duration 3:42 min
quasi-HD, color, sound
“Now that I know, what do I do?” shows a man who cries over the contents of a letter.
This man’s performance is serious. His pain is believable. His tears, however, false.
Not merely are they false in presumably being a product of some special effect, but false in being wildly inappropriate to their context. These tears do not quite belong to the same world as the man and his feelings: they are grotesque in form and excessive in volume, out of proportion to the naturalistic (or realistic) way the man experiences his misery.
At the basis of this work is a clash of sensibilities – resulting in something that is in essence – by any standards of film language at least – believable, but contaminated with an alien element. The film asks for a willingness in the viewer to set doubts aside and feel empathy for another human being. Which is perfectly fine at first, if it wasn’t for the unexpected waterworks that rather complicate maintaining the assumed attitude. The viewer has no option but to be a good sport, reassert his position and perhaps in ultimate response classify the work as a prank.
But regardless of the position taken and however briefly, we are left in the uncomfortable position of watching a man in pain, and laughing at him. Knowing that at the core, and at the end of that comic downpour, is something we all relate to very well.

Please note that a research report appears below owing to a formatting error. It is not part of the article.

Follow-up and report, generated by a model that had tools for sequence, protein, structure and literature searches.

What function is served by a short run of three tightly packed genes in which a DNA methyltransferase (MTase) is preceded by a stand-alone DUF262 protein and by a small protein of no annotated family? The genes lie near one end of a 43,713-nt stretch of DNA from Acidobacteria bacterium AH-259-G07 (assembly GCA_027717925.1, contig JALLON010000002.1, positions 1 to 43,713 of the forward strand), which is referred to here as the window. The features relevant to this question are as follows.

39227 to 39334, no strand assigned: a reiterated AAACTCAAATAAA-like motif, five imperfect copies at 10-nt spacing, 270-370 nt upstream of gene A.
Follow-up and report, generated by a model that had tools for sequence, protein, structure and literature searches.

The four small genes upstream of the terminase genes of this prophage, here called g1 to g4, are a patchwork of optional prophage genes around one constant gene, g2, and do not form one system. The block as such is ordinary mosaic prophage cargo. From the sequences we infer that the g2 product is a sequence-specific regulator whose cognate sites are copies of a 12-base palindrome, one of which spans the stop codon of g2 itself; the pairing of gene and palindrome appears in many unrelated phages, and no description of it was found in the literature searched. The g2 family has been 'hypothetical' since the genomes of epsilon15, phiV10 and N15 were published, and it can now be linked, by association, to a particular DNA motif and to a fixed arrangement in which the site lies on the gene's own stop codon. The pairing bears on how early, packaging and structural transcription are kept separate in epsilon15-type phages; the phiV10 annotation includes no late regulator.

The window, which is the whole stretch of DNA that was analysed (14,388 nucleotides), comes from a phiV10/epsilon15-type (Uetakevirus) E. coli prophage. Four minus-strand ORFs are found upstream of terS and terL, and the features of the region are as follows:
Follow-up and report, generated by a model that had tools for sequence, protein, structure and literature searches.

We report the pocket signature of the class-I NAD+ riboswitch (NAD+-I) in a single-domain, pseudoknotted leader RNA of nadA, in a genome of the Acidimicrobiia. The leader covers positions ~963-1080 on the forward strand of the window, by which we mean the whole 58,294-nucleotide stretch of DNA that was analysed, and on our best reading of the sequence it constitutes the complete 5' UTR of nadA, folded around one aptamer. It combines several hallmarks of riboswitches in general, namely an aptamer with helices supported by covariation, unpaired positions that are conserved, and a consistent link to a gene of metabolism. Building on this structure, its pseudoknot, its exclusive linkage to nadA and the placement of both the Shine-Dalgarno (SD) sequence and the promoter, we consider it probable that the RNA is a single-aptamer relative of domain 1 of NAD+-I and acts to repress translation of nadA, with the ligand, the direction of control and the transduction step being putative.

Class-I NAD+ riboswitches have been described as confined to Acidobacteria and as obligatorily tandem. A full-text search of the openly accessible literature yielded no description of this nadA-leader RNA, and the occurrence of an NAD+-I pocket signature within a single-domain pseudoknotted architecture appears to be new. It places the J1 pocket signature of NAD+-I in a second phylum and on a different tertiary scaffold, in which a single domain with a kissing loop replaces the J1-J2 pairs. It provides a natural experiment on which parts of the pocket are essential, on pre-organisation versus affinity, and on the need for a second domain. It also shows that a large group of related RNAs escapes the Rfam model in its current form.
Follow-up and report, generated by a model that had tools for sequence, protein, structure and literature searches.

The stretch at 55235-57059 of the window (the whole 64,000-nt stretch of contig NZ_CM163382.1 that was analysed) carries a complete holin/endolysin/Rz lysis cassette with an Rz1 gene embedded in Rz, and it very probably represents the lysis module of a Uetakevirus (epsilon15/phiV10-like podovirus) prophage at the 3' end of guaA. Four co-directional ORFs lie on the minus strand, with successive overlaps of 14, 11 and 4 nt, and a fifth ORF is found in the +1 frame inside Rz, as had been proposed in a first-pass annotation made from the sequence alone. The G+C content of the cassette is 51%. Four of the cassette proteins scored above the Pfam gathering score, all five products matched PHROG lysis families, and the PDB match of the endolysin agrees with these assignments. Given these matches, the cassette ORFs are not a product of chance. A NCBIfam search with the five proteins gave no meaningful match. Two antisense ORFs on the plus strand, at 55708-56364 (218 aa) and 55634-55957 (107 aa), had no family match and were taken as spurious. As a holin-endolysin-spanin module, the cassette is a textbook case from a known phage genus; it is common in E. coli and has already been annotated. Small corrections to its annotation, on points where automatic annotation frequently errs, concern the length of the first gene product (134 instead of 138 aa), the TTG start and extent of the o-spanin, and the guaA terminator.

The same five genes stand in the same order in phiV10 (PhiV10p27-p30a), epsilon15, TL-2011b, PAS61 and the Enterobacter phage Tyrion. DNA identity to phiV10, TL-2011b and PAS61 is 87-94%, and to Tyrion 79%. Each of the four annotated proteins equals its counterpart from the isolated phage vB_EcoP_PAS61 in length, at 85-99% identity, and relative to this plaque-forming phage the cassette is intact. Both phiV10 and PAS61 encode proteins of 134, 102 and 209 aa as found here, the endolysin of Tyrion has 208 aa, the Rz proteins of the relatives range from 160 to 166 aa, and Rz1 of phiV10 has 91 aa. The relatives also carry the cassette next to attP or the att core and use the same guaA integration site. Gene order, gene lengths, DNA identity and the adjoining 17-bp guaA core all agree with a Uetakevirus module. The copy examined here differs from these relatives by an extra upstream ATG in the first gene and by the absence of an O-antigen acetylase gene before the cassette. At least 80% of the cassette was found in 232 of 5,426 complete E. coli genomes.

The film displays an interest in the portrayal of emotional pain, and particularly in the image of the crying man – a subject (certainly in the Western world) surrounded by sentiments of discomfort and embarrassment. The work inevitably brings up Bas Jan Ader’s film “I’m too sad to tell you” (1970), a seminal piece in Dutch conceptual art, showing the artist crying, ambiguously revealing various degrees of self-awareness.
“Now that I know (that,) what do I do? “ is a line taken from the Charles Schultz comic strip Peanuts. A comic that takes place in a non-adult world to explore adult themes of depression, loneliness and confusion. The exaggerated gesture of crying is in part inspired by the depictions in Schultz’ legendary work.
Actor: Stefan Rudolf
Director/Post-Production: Fons Schiedon
Practical FX: Brendan Flynt, Filmvilla
FX Make-up: Inga Ross
Special thanks to
Angelique Spaninks, MU